At ages when men are meant to be over the hill, there are two in Clydesdale who seem to be be hardly near the summit yet.
The elder of the two is a Lanark citizen born two years before the first-ever Spitfire flew who has just made his first solo flight at the age of 82.
He is David Luke, of Delves Park, and he took to the air alone a mere couple of decades after most pilots retire.
Since being a lad, when he still remembers seeing wartime aircraft in our skies, David harboured dreams of becoming a pilot, but his life led him down a different professional path.
Now retired and with some spare time, he decided last summer to take up flying training and started a happy association with his trainer Graham McNally at Strathaven Airfield.
A year of training culminated in David making his first solo outing in an Ikarus microlight recently, describing the very, very long-awaited experience as “exceeding all expectations”.
He told the Gazette that his youthful dreams of becoming a pilot had been put to one side as he built a career with the lawnmower manufacturer Atco. He ended up as head of its Scottish operations.
The second of Clydesdale’s Peter Pans is Archie MacDonald, a mere slip of a lad compared to David at 64.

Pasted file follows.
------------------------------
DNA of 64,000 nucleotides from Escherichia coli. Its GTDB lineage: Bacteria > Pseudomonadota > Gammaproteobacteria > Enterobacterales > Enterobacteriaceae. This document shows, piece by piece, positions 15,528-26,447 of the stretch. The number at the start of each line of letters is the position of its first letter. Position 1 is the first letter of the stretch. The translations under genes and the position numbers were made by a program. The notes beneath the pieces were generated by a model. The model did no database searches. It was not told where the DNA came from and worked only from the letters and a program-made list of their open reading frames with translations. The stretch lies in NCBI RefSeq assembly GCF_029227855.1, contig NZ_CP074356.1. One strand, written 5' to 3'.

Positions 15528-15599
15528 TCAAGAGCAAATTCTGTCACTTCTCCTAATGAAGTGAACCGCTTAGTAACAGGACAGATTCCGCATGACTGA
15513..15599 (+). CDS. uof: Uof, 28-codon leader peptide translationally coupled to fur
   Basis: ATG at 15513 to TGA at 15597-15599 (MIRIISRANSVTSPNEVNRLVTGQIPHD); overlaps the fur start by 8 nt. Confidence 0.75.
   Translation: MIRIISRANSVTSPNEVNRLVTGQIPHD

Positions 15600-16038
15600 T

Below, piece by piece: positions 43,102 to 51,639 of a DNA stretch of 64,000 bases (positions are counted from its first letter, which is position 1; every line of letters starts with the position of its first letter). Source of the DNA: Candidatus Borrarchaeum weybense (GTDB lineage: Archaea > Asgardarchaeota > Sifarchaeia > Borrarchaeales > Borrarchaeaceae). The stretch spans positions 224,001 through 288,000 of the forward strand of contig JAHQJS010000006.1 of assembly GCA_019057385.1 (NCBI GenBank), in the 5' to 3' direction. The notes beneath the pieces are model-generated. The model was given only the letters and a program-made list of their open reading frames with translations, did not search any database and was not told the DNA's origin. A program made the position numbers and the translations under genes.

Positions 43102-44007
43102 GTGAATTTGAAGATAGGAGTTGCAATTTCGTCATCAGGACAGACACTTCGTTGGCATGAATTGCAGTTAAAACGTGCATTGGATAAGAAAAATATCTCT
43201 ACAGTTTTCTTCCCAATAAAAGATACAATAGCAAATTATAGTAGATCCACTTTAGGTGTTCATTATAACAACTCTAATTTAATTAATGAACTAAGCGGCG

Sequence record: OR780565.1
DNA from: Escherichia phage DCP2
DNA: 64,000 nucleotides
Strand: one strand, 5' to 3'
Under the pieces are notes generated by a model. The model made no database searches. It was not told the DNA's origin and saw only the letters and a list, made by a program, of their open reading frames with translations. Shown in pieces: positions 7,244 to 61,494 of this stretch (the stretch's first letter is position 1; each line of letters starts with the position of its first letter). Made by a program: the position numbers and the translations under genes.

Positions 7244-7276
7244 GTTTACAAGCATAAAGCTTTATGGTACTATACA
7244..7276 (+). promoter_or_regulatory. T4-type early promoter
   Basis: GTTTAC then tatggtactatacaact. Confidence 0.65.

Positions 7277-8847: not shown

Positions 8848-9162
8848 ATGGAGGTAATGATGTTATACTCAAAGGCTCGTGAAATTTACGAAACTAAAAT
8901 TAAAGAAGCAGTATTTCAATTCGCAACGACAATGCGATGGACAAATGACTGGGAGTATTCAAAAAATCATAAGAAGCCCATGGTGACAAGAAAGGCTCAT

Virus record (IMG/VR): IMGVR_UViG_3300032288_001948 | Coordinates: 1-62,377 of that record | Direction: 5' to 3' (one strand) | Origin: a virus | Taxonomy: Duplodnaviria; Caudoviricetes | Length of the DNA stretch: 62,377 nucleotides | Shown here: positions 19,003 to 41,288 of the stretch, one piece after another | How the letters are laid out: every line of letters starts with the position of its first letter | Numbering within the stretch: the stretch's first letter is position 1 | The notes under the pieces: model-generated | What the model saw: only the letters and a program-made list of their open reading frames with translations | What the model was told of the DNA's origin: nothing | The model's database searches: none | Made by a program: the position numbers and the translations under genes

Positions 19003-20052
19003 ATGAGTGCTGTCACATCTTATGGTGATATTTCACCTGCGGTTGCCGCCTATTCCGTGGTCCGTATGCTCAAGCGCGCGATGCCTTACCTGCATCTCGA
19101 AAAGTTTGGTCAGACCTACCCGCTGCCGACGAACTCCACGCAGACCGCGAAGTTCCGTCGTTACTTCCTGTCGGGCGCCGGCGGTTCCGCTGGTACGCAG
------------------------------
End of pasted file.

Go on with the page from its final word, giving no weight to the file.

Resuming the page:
A resident of the Auchlochan retirement village in Lesmahagow, Archie is heading back to school next month to complete his course in a subject that didn’t even exist when he was first a pupil back in the 1950s and 1960s – computing.
Explained an Auchlochan spokeswoman: “After graduating from the Open University with a BSc degree in computer studies in 2015, Archie enrolled on a master’s course with the university last year.
He only has one module left to complete before he will have achieved a postgraduate diploma, and he plans to focus on cybersecurity.
“He will then be well on his way to a master’s degree, with just a research project left to complete.
Archie left school almost 50 years ago at the age of 17 to pursue a career in ICT with Scottish Power. After climbing the career ladder for 30 years, it was only when he began working as a freelancer that he discovered opportunities with the Open University and began studying modules with them.”
Said Archie: “Auchlochan gave me the space, time and supportive community I needed to really concentrate on my studies.”